Without question, this is my favorite show on the circuit. While all the Marvel and DC names were sitting in the dedicated artist's room on NYCC, we Indie artists WERE the show at the concourse here in SF. I practically sold out of my own book, a full printing of The Carnival: The Human Hourglass in a first edition with color cover, got to talk to some other great artists, and picked up some books that i can't wait to read.
Tablemate Alex Sheikman, pictured below, talking to some of his fans, sold his handsome hardcover of the Dark Crystal Prequel Volume 1, and showed off originals for volume 2 due in December. I kept my originals out to catch people's eyes as they walked by. For no advance notice, after all, no one was coming to the show to pick up my book, I was happy to see that the work had some visual appeal as it certainly drew a decent number of folks over the table's edge.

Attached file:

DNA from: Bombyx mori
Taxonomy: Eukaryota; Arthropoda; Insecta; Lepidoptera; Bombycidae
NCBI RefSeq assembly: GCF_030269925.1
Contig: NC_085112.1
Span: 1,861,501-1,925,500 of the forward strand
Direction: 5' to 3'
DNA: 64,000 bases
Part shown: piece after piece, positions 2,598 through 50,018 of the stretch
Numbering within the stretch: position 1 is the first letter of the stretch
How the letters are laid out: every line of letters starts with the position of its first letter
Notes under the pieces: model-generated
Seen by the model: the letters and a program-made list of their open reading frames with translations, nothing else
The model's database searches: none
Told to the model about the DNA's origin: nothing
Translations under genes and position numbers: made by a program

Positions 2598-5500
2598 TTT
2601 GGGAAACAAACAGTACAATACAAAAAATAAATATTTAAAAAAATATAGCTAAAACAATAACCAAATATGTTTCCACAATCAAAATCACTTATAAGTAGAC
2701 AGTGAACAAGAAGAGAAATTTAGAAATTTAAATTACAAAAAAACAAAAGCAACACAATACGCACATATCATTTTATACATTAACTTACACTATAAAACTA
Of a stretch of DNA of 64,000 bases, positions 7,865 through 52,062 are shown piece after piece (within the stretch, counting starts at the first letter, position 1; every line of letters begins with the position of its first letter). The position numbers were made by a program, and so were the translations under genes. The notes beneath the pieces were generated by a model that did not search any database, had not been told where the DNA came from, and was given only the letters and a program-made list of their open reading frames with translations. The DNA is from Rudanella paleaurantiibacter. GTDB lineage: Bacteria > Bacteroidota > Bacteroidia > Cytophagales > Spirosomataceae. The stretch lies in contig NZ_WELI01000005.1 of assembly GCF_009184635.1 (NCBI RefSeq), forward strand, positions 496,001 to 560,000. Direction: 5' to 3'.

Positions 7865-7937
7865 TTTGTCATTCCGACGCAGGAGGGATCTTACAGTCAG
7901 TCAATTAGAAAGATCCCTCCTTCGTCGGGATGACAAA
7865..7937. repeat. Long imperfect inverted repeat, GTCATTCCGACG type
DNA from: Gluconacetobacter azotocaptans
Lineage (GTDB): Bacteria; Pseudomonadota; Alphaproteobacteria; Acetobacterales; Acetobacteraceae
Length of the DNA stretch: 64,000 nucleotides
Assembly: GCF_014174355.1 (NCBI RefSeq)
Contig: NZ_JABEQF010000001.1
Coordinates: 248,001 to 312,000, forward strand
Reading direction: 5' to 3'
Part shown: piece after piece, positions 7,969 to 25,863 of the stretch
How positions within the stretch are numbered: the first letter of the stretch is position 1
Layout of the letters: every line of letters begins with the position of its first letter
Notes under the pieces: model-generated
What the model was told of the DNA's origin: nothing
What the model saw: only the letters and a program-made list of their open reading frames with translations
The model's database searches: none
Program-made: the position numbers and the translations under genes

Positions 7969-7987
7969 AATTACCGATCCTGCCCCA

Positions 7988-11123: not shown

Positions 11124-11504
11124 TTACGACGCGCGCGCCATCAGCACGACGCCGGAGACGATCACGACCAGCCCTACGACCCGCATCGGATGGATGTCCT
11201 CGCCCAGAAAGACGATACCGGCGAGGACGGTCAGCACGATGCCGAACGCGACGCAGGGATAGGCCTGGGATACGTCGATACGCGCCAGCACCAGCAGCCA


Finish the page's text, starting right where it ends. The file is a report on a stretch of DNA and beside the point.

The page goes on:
Apparently I'm pretty old skool with my art, as i'm still using ink on paper. But really, should we be surprised at anything anymore? With the digital age upon us, there really is no way anymore to know just how images are being created. You could be scanning your sketches, creating your own brushes in photoshop, doing work on your Cintiq, or simply putting ink on 2 ply bristol with real, not virtual, brushes.
In any case, the computer has clearly led to images as striking as Sho Murase's single illustrations, images that would have been far more difficult to produce in a less digital age.
I have a great stack of books to read on the shelf behind me: Sushu Xia's China Comics, the Lilah-O one shot, Gabrielle Bell's The Voyeurs, Daniel Cooney's Valentine TPBs, the Holguin/Sheikman Dark Crystal and Luke Pearson's Hilda and the Midnight Giant (which looks like an instant classic).